from The American Heritage® Dictionary of the English Language, 4th Edition
- adj. Relating to, resembling, or assuming the form of a shrub; shrubby.
from Wiktionary, Creative Commons Attribution/Share-Alike License
- adj. Imperfectly resembling a shrub.
from the GNU version of the Collaborative International Dictionary of English
- adj. Somewhat shrubby in character; imperfectly shrubby, as the American species of Wisteria.
from The Century Dictionary and Cyclopedia
- In bot, having the appearance or habit of a shrub; shrubby, or becoming shrubby: as, a frutescent stem.
Thanks to Save the Words I finally have a proper adjective for a co-worker I had named Shrub Head: frutescent.
In Israel, trees such as Conocarpus erectus, Eucalyptus sargentii, and Melaleuca halmaturorum, and shrubs such as Maireana sedifolia, Borrichea frutescent, and Clerodendrum inerme are sold for amenity planting to allow irrigation with saline water.
Spathoglottis, and Anthogonium disappear; Xyris continues in abundance, likewise Eriocaulons, especially the middling - sized one; Bucklandia becomes more common and more developed; a frutescent Salix commences at 4,800 feet, as well as a Gramen Avenaceum vel Bromoideum.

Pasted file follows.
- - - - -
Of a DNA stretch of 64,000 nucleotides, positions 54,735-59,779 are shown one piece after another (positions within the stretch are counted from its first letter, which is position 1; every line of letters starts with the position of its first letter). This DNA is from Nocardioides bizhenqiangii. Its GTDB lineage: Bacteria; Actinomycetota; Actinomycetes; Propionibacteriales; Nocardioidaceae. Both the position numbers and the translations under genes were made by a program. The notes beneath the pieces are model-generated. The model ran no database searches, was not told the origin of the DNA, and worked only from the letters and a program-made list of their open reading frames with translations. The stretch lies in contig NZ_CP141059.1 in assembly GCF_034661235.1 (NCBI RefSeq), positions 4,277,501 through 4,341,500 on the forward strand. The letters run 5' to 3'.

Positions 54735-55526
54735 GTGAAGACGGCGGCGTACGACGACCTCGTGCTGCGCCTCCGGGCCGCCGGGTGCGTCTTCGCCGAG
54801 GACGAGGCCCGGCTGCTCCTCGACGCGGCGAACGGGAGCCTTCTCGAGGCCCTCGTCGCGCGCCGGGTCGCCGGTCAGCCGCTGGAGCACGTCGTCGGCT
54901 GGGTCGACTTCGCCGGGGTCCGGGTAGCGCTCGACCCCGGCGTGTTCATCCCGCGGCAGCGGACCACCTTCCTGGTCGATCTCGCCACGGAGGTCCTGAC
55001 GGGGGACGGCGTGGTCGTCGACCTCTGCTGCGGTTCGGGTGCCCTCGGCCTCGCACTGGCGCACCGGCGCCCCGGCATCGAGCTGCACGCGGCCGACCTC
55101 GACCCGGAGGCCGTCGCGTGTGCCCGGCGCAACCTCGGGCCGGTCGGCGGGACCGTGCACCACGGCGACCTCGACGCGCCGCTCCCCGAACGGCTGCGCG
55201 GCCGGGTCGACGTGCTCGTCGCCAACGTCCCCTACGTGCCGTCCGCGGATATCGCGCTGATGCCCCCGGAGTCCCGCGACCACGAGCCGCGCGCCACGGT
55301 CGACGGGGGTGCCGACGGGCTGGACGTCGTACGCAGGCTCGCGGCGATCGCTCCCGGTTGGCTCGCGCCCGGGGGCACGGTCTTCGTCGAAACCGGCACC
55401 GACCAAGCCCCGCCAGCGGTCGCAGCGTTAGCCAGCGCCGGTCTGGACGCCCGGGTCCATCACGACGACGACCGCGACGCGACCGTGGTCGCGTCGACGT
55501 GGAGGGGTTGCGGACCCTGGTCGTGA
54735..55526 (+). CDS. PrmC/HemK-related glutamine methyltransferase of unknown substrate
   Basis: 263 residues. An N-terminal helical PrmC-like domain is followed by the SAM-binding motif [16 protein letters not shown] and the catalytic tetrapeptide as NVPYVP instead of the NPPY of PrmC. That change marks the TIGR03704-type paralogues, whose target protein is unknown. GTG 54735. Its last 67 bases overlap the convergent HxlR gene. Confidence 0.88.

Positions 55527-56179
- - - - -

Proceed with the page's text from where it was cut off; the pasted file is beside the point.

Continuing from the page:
In addition to the usual plants a Lagerstraemia occurs, which attains the size of a middling tree, and a frutescent Hypericum, Aristolochia, and
I have said '_lastly_' -- of the orange, for fear of the reader's weariness only; not as having yet represented, far less exhausted, the variety of frutescent form.
The strawberry is a hip turned inside-out, the frutescent receptacle changed into a scarlet ball, or cone, of crystalline and delicious coral, in the outside of which the separate seeds, husk and all, are imbedded.
The torus, or, -- as in this flower from its peculiar form it is called, -- the tube of the calyx, alone forms the frutescent part of the hip; and the complete seeds, husk and all, (the firm triangular husk enclosing an almond-shaped kernel,) are grouped closely in its interior cavity, while the calyx remains on the top in a large and scarcely withering star.
Among these herbaceous plants we find at intervals the Avicennia tomentosa, the Scoparia dulcis, a frutescent mimosa with very irritable leaves, * and particularly cassias, the number of which is so great in South America, that we collected, in our travels, more than thirty new species.
Maybe that's because we don't need a word anymore for having the qualities of a gentleman which is, of course, squiriferous; or having the qualities of shrub, frutescent.
Obs. If this is a stemless species, it will come into my arrangement before A. mberecta; if it is frutescent, (which from its large leaves is very pro - bable,) it is possibly no more than a strong seedling variety of A. ferox; from which, however, it differs very much in the erectness of those leaves, rhodocaniha.